"Pink is pink": Trying (kind of) and finding out (kind of) and celebrating (yay!): Part 1

2.12.2007: Week six


In a way, it's hard for me to believe, and I even now wonder if I'm jinxing myself by saying it: I'm pregnant. I'm pregnant!

I'm starting this blog privately before putting it out there in the world, and hopefully, knock on coffee table, by the time my second trimester is underway, I'll feel confident enough to make it "live." It's not that we're keeping it a secret--who, me? Turns out as lousy a secret-keeper about other people as I was in high school, I'm even worse in adulthood when it comes to my own news.

No, the delay isn't about discretion, since I basically have none. It's because of how tentative I still feel about this pregnancy, despite my intention to feel only optimism.

You mean I have to try?

That this pregnancy is going to be different than my first--or at least, that I'm going to be constantly comparing the two--is apparent from the get-go. With my now 2 1/2 -year-old, Sylvia, this is how it worked:

  1. My husband, Aron and I decided to go for it, after I spent a couple of weeks lobbying him on all the ways it would be a piece of cake. We'd figure out money; we'd figure out my graduate school; we'd figure out everything--just let's make this baby!
  2. One month later, with a lot of focus and interest and carefully mapped-out frequency, we start "trying."
  3. Two and a half weeks later, I take a home pregnancy test, and voila! Pregnant.

Not exactly a "trying" experience. And this is how it went this time:

  1. Aron starts talking about how our previously decided-upon age difference of four years (between Sylvia and the sibling-to-be) was starting to seem a little... long. For us, and for her--doesn't she deserve a pal? And won't going back to Planet Newborn (where sleep deprivation and house-boundness are the rule) be so much more shocking once Sylvia is practically a grown-up? He's got a point, but I find myself agreeing with him only in the rational, out-loud way. Irrationally and somewhat silently, I don't know if I'm ready yet. I haven't been craving a baby, the way I did with Sylvia. Aron points out that I may never crave a baby in that way again, since now we have... Sylvia. Oh yeah.
  2. I sit on our bed one night, and try to imagine another child. Another child, a not-Sylvia child. I am suddenly, in some basic way, flabbergasted by that idea. We could have another child? And she or he wouldn't be Sylvia? I try to picture a baby, a baby who is specifically not Sylvia. That's too hard. Instead, it's like I glide over the chasm between being "Sylvia's Mama" to the mother of more than one child. I have a strong image, then, of putting my arms around Sylvia and another child; corralling them, giggling with them the way I giggle with her these days, being sturdy and there for both of them.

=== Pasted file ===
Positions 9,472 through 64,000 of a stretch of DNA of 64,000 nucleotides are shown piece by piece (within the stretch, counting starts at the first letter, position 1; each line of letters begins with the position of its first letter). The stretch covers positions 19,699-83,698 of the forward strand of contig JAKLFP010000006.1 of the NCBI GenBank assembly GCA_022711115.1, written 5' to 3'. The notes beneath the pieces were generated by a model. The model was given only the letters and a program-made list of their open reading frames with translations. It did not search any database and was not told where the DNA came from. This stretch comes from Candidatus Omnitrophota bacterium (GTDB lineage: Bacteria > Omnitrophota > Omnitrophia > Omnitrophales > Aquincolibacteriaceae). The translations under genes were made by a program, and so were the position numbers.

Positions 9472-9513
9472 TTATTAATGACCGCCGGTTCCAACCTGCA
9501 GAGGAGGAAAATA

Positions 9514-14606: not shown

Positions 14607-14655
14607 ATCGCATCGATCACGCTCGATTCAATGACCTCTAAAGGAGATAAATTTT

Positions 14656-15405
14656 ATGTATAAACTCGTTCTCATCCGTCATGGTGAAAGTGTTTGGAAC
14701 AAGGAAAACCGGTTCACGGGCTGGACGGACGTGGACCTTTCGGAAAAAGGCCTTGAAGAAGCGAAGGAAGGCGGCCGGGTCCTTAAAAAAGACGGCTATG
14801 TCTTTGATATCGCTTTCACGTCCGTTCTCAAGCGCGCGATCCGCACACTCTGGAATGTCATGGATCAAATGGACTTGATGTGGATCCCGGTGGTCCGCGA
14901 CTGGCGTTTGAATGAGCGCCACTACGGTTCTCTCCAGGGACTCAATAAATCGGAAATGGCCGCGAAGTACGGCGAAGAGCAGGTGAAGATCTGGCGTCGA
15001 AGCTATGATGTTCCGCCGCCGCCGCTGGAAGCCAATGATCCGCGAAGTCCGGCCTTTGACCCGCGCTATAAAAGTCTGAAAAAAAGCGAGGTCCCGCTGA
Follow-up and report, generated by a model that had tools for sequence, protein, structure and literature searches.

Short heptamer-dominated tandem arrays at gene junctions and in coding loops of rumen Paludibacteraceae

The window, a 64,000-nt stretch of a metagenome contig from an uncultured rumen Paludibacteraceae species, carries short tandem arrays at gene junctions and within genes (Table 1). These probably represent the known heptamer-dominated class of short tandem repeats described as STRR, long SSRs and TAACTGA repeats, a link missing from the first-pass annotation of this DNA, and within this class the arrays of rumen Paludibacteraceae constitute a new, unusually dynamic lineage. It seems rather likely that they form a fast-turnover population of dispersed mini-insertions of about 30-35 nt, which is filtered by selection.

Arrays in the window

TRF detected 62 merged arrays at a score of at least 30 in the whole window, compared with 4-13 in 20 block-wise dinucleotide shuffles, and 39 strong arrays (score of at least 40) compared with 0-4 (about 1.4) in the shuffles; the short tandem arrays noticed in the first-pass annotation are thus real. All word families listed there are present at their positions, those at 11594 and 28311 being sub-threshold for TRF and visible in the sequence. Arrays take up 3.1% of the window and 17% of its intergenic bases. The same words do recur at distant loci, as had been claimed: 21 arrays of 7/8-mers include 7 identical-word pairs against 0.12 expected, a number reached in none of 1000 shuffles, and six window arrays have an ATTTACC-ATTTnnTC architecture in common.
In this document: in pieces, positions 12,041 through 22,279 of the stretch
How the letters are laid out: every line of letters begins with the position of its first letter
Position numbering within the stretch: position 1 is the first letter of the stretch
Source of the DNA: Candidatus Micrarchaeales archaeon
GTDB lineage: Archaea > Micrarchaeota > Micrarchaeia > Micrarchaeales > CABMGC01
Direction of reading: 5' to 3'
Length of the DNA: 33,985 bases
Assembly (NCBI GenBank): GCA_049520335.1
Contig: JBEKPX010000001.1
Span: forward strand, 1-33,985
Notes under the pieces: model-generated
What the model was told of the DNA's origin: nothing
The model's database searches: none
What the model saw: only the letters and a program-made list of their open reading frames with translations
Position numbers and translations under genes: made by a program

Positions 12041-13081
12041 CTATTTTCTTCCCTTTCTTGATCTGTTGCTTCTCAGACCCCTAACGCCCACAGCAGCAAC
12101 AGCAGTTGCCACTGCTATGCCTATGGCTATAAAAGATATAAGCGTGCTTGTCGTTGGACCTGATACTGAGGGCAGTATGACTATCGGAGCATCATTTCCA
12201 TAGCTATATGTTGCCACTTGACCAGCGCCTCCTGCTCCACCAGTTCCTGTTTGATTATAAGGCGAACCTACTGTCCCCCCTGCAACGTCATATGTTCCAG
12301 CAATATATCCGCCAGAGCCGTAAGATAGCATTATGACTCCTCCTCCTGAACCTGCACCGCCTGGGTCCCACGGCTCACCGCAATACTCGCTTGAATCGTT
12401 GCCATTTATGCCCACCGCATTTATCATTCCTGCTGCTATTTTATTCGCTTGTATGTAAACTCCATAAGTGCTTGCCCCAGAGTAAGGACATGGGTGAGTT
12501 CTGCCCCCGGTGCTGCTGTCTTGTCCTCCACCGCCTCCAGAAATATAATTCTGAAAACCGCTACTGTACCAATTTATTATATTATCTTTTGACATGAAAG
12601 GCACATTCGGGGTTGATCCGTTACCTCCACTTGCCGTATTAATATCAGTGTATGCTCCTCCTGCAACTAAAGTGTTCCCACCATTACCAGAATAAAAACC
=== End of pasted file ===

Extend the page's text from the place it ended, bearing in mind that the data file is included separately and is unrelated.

3. A few months later, I'm officially off birth control. But then we need to wait a couple of months more, to make sure my cycle is normal. I start paying special attention to friends' newborns. It's been strange to both relish every stride Sylvia has made towards language and independence, and now start thinking about a tiny baby. How could I be as in love with a little amoeba in a sleep sack, dozing 20 hours a day and attached to me at the boob, as I am with my marvel of a toddler, who runs everywhere she goes and knows when I'm telling a joke? I hold a friend's baby, and have a gasp of recognition. I had forgotten how easy it is to hold a six-week old, to feel that little body nestled against my shoulder. So I guess I'm getting there.
  4. Okay! Here we go. Trying! My cycle is pretty regular, so I think I've got it all worked out. Amazing how much more thought has to go in planning our rendezvous this time around--we're both a lot busier than we were a few years ago, with work and Sylvia.
  5. Halloween night (pictured) and a day late with my period. That means I'm so totally pregnant, right? I'm surprised by the intensity of my disappointment when I get my period the next morning. This didn't happen last time. So does that mean something's wrong?
  6. Next month: Ditto. But wait--did we even have sex when we were supposed to? I frantically check the calendar, looking for some clue to jog my feeble memory. I think we did; I'm pretty sure.
  7. Next month: Ditto. More disappointment and upset this time. What's wrong with us? Are we even doing this right? Why was it so easy last time, and not now? Does this mean that we're not trying hard enough, and if we're not, why not?
  8. A week later: New Year's Eve. After a week of holiday travel, we're home, our house is slowly warming up, Sylvia is snoozing in her bed, and Aron and I have time to talk. I unload, saying how I had started to wonder if my body was trying to tell me something--that I'm not ready for this second baby. "But then when I actually allow myself to think about a new baby, I just know that's not true," I say. Aron thinks my body-sending-me-a-signal train of thought is hogwash, though he says so very sweetly. He thinks we just need to try harder. Which I point out is a pretty convenient theory for him. All I get in response is a sly smile.
  9. Three weeks later, I notice that when Sylvia jumps in bed with us in the morning and does her customary elbow-to-my-chest as she leans over to kiss her Papa good morning, it hurts--more than in my usual, "Hey, Syl, watch the elbows" way. More like, "Whoa!" Later that day, I remember that sore breasts was the first symptom I felt when I was pregnant with her, over three years ago. Could this be?

To be continued...

Join writer Emily Bloch each week as she chronicles her pregnancy.

Next week: Finding out too soon?